Thursday, February 09, 2006

It's Impossible To Do 25

Since my recent run-in with the law, I have been making sure to check the speed limit of whatever road I'm on and then do it. But it is absolutely impossible to do 25. Not only does my car refuse to do anything less then 30 mph, but I have to contend with tailgaters since no one does the speed limit and they even get mad at you for doing it.

I guess it has its benefits though, you can actually see the scenery. Driving 25 down one of the many residential streets I have to travel in the morning:

"So, now that we are driving so slowly we have time to look around. Look, they have lions on their steps. And look there's a valentine flag."

A few minutes later, "This is soooo slow! Oh look, the grass is growing."

Since I knew I would be doing the speed limit this morning I left early and since I wasn't rushing, the other drivers were not bothering me. I ignored everyone, even the tailgaters. So if you prayed for me after reading this, then thanks a lot!

After I wrote the above I read this in Calvin's Institutes:

"Some, like thieves and robbers, desire to overturn all law and right, to break all legal restraints, to let their lust alone masquerade as law. Others think unjust what some have sanctioned as just (an even commoner fault), and contend that what some have forbidden is praiseworthy. Such persons hate laws not because they fight against manifest reason. What they approve of in their understanding they hate on account of their lust."
Very convicting! But I always knew that I was a rebel at heart.

5 Comments:

  1. Moonshadow said...
    Doing 25 is impossible, but your expressed astonishment at this cannot mean that today is your first foray into trying to observe the posted limits in residential neighborhoods.

    In any case, welcome to my world: tailgaters and burning out the cruise control at dangerously low speeds.

    Like any overachiever, as soon as I learned of Kohlberg's Theory of Moral Development in junior high school, I wanted to be a "6". Until, that is, I began to suspect that such a lifestyle would not be fun - too Teresa of Calcutta-like in orientation.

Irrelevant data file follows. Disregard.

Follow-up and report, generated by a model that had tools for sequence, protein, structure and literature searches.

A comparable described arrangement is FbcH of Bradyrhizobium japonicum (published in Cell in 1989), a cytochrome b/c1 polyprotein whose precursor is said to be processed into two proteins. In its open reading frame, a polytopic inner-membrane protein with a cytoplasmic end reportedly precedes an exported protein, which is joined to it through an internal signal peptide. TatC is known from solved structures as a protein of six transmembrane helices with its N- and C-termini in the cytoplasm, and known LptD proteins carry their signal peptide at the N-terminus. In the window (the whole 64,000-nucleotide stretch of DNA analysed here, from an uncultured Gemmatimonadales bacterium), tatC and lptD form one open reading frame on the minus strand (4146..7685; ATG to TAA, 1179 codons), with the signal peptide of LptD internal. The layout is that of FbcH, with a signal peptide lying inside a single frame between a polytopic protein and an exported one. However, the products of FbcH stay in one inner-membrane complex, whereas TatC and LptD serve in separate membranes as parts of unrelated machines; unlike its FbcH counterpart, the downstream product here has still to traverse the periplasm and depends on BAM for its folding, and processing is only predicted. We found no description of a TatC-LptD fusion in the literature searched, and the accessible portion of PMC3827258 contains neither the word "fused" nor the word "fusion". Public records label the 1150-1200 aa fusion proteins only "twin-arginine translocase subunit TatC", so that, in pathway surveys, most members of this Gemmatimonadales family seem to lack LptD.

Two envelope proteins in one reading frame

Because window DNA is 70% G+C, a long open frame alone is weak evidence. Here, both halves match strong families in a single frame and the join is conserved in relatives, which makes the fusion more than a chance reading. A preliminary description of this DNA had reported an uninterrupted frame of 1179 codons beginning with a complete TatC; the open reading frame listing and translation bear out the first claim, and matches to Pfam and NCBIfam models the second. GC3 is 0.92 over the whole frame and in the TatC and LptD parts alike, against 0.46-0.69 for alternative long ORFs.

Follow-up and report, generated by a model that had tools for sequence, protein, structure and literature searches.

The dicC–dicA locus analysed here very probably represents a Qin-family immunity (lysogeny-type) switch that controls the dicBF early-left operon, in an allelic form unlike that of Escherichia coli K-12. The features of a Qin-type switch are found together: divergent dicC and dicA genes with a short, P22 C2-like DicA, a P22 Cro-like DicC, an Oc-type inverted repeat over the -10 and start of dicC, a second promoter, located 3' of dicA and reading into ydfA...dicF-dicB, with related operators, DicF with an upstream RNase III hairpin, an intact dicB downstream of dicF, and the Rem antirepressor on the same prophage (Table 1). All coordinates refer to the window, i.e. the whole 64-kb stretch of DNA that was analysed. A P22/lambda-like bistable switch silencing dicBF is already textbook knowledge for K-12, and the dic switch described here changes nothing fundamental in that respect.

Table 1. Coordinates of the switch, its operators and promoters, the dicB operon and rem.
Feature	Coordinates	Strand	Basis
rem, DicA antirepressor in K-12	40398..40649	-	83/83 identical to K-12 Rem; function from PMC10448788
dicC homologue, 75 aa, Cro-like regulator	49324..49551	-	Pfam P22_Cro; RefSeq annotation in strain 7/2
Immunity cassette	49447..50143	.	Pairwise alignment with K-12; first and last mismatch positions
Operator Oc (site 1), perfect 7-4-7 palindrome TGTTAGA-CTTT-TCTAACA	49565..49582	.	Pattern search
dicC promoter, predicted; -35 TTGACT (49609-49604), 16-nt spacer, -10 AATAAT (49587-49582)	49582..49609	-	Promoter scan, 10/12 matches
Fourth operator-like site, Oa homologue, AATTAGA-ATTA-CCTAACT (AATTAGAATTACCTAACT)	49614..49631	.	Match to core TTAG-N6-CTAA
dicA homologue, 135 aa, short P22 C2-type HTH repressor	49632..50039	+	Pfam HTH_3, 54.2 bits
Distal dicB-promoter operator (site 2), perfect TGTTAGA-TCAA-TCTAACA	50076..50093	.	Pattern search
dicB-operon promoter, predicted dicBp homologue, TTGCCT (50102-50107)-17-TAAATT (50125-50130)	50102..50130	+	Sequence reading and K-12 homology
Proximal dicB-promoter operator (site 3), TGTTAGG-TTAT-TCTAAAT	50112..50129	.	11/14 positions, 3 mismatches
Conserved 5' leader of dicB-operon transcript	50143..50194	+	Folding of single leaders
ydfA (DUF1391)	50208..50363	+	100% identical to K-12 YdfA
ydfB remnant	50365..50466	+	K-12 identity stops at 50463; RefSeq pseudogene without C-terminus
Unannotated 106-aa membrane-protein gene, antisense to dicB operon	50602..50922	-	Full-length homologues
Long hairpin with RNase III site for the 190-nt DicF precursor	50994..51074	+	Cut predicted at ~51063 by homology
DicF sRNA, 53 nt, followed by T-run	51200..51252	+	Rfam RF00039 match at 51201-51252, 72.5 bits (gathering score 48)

Most people think that they operate around stage 4 and that's good enough for them. No reason to get crazy and dissolve into altruism. But, in reality, most of us clutter up the bottom of the scale and only flirt with obligations to duty. In fact, outside of military service, few people even think about their civic - or religious - duties. We all want "better" motivations than "I must" - like the (fictional) phony faith healer, Jonas Nightengale, before his spiritual awakening: "Gotta do? No, kid, I focus on what I wanna do. It's a tough policy but it works for me.”

    But, as you have said, we usually haven't insight into someone's motivations and, while the actions of a stage 2 and a stage 4 may be practically indistinguishable, they are morally worlds apart and the stage 4 response is to be preferred … but a stage 2 person cannot appreciate that. In fact, he threw a Snapple bottle through my rear window once … because I didn’t make my left turn quick enough.
    michele said...
    Of course not! But it was the first time I blogged about it.

    I agree that in our society today we have lost our ability to think of what is best for the society in general. We have lost our corporate identity. Most of us drive in a very selfish manner -- only caring about getting to our appointment and no caring that are actions affect the other drivers.

    I am concerned by your statement that someone threw a bottle through your window, I hope that it was an old boyfriend.
    Moonshadow said...
    If you really knew me, you would know that I have never had any old boyfriends.

    It's a long story but I ticked off another driver and he followed me into the parking lot and I stared him down before entering the store and when I came out, I saw that he had thrown a Snapple bottle through my rear window.

    I shouldn't keep track of these wrongs - this happened four years ago - I should ask God to help me forget them just as He helped me forgive him.

    But, you know, it's a balancing act around here to observe the law without incurring someone else's road rage.

    Just watch out.
    michele said...
    Oh I am so glad it wasn't someone you knew! I had all kinds of thougts going through my mind. I once was involved with someone who was abusive but thank the Lord, He saved me from that relationship. I am glad that wasn't the case with you.

    Road rage is a big problem in the US. We all need to keep calm -- leaving early and doing the speed limit has helped me, maybe we should all try that. It's funny I just saw this tonight. See where anger gets us.
    Moonshadow said...
    I am very sorry to hear that about your past.

    Yeah, I don't know whether it's a dose of satisfying self-righteousness or geniune peace of mind, but observing the speed limit since adding one, two, three children in my car has really had a calming effect on me, not just driving but in living.

    It's probably self-righteousness. Bummer.

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